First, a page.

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|Title: ||Low Plasma Bicarbonate Predicts Poor Outcome of Cerebral Malaria in Nigerian Children|
|Authors: ||Oguche, S.|
Adeyemo, A. A.
Olumese, P. E.
|Keywords: ||Electrolyte imbalances|
|Issue Date: ||2002|
|Publisher: ||West African Journal of Medicine|
|Series/Report no.: ||Vol. 21;No. 4; Pp 276-279|
|Abstract: ||Malaria remains a major cause of morbidity and mortality in many sub Saharan countries and cerebral malaria is widely recognised as one of its most fatal forms. We studied the predictive value of routine biochemical laboratory indices in predicting the outcome of cerebral malaria in 50 Nigerian children ages 9 months to 6 years with cerebral malaria at the University College Hospital, lbadan, Nigeria. Of the 50 children studied, 43 (68%) made a full recovery, 5 (105) developed neurological sequelae while ll(22%) died. Biochemical derangements observed among the children included azotaemia (29%), elevated plasma creatinine (20%), metabolic acidiosis (22%) and hyponatraemia (16%). Metabolic acidosis and elevated plasma creatinine on admission were signiﬁcantly associated with a poor outcome (p<0.05). Hyponatracmia and hypokalaemia were not signiﬁcantly associated with outcome. On multivariated analysis, metabolic acidosis and elevated plasma creatinine on admission to hospital remained independent predictors of poor outcome after adjusting for other known risk factors. Patients with these ﬁndings require prompt referral for adequate treatment in centres equipped to manage such critically ill patients.|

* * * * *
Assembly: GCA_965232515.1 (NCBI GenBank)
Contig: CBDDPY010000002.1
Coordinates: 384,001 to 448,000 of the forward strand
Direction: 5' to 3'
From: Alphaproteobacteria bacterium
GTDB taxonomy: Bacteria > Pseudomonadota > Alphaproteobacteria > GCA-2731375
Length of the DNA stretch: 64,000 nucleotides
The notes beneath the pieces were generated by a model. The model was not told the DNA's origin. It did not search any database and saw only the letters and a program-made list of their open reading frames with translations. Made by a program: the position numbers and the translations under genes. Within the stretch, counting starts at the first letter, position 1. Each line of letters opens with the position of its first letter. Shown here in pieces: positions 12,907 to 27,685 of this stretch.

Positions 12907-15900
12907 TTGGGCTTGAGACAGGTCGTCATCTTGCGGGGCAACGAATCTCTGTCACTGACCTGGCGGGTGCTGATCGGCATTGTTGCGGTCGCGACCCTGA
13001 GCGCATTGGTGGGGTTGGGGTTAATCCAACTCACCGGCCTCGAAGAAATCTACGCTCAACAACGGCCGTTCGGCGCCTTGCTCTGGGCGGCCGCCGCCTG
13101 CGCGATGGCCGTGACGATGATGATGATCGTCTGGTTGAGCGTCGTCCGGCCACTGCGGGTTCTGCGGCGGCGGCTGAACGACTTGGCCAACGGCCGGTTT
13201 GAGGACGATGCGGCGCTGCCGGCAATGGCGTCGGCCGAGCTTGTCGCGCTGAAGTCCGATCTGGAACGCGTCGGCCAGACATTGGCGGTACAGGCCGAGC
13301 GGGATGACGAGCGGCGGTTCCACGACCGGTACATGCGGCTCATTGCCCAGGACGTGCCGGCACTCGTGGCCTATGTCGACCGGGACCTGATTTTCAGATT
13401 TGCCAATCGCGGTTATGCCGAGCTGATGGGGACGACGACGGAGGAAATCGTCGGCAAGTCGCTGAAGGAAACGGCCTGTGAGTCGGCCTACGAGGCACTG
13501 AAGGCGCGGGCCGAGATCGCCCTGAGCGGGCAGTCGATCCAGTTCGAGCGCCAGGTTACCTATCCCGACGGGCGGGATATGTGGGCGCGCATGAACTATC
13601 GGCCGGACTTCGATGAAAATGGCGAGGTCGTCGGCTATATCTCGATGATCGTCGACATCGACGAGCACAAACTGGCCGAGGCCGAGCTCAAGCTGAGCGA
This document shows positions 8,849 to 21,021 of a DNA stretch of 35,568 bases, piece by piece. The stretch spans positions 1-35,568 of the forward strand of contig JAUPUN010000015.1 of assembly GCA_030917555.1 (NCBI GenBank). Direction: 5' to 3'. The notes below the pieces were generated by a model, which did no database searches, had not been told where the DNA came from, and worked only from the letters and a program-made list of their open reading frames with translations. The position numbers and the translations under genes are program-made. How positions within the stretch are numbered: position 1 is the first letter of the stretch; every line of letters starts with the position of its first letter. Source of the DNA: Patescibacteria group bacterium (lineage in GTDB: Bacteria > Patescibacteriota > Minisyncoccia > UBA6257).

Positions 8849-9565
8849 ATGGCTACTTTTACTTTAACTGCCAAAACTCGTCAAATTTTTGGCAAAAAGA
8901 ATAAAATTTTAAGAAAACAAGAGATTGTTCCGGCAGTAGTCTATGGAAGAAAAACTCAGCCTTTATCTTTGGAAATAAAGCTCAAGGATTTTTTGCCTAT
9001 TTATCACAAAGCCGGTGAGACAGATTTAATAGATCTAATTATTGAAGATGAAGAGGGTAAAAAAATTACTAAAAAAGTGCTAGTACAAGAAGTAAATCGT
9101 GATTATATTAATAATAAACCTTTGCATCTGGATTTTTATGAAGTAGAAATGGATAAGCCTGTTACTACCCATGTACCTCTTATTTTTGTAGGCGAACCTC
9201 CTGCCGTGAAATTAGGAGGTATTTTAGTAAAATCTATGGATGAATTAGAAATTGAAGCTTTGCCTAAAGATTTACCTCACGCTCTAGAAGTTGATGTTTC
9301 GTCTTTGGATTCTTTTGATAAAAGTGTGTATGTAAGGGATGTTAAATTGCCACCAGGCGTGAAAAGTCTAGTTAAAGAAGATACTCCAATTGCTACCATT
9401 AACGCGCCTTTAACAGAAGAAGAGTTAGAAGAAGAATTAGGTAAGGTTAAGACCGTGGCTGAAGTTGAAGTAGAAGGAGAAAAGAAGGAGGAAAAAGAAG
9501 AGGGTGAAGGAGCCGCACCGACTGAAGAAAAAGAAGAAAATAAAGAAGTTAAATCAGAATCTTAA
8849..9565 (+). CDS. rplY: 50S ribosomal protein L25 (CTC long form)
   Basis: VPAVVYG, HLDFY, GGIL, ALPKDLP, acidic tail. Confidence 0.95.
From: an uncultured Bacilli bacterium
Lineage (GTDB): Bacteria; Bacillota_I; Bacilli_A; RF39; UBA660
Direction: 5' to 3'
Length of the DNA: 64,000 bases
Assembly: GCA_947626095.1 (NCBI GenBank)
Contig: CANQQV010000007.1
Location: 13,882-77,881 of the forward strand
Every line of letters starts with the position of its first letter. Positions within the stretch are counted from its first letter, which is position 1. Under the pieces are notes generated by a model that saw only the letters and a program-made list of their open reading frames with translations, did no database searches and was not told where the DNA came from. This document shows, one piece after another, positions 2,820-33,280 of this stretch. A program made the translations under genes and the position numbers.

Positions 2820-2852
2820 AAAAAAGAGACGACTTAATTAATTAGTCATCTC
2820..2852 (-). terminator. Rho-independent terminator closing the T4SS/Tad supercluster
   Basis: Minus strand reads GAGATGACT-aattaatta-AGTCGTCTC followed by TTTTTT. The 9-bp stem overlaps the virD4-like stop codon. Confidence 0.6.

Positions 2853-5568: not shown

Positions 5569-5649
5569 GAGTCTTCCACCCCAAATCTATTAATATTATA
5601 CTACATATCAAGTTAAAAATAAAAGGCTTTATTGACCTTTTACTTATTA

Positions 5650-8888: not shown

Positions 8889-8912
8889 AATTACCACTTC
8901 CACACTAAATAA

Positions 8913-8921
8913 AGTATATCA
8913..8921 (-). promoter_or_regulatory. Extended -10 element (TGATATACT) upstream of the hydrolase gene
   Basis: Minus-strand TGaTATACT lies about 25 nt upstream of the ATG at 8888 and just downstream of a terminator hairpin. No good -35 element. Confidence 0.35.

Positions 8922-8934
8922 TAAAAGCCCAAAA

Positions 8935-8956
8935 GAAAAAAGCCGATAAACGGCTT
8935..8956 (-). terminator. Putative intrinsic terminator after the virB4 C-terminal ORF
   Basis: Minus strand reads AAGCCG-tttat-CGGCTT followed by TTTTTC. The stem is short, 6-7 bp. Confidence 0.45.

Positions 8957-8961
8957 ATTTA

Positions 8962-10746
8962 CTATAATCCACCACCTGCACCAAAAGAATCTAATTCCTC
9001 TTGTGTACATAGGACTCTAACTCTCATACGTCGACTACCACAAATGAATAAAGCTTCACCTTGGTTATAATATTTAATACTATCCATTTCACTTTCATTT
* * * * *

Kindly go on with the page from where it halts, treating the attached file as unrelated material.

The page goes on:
|Appears in Collections:||Paediatrics|
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